Villa Saint-Martin was the first retreat house in Canada to offer facilitated or preached retreats. Retreats began between 1910 and 1913 at the Villa’s first location in Boucherville, Québec. The retreat centre then moved to Laval. It took its name from the parish where it was located. In the years following its foundation, interest grew dramatically in this style of retreat and by the 1950’s, the Villa had welcomed over 100,000 retreatants.
The Villa Saint-Martin moved again in 1953 when the provincial of the Jesuits at the time purchased property from the Ogilvie family, owners of a flour milling company in Montreal, to expand the retreat centre’s mission. The original house was constructed around 1900. It is a fine example of masonry with Scottish seigniorial style architecture. This neo-gothic architectural style was born in Scotland in the early 19th century and was popular until the First World War.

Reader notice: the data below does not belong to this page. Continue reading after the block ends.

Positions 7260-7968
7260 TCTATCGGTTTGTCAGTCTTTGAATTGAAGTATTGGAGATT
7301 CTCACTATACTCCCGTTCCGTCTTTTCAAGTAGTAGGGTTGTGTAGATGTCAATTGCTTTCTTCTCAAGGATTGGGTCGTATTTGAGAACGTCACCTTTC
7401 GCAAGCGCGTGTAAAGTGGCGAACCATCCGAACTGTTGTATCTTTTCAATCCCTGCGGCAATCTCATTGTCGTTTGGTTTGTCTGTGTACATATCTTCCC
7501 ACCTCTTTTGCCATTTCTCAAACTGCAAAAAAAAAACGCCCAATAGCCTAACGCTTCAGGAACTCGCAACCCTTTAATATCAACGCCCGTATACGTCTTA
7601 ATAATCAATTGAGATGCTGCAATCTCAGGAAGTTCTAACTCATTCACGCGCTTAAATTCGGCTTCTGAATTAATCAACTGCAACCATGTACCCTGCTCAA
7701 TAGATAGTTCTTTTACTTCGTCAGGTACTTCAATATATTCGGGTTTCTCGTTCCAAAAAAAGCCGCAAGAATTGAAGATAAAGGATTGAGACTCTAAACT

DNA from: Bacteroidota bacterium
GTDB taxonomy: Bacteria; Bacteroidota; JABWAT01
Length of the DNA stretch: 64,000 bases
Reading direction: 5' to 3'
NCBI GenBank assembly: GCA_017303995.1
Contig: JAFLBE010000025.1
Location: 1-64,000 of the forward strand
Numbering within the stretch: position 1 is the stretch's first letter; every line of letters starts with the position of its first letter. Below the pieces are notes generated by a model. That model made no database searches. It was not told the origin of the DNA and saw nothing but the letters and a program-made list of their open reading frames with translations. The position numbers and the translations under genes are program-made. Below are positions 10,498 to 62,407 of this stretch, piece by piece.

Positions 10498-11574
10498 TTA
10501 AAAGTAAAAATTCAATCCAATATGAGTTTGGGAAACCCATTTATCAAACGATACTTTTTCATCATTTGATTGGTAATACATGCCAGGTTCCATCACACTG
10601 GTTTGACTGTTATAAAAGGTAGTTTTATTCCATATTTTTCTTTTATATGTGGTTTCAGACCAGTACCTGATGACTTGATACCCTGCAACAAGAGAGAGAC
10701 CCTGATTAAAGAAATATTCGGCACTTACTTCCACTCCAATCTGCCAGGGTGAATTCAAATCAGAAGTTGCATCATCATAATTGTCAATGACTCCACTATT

The new mission targeted businessmen and professionals, and the alumni from various Jesuit colleges. The goal was to assist them in deepening their faith so as to live it more fully in their daily lives.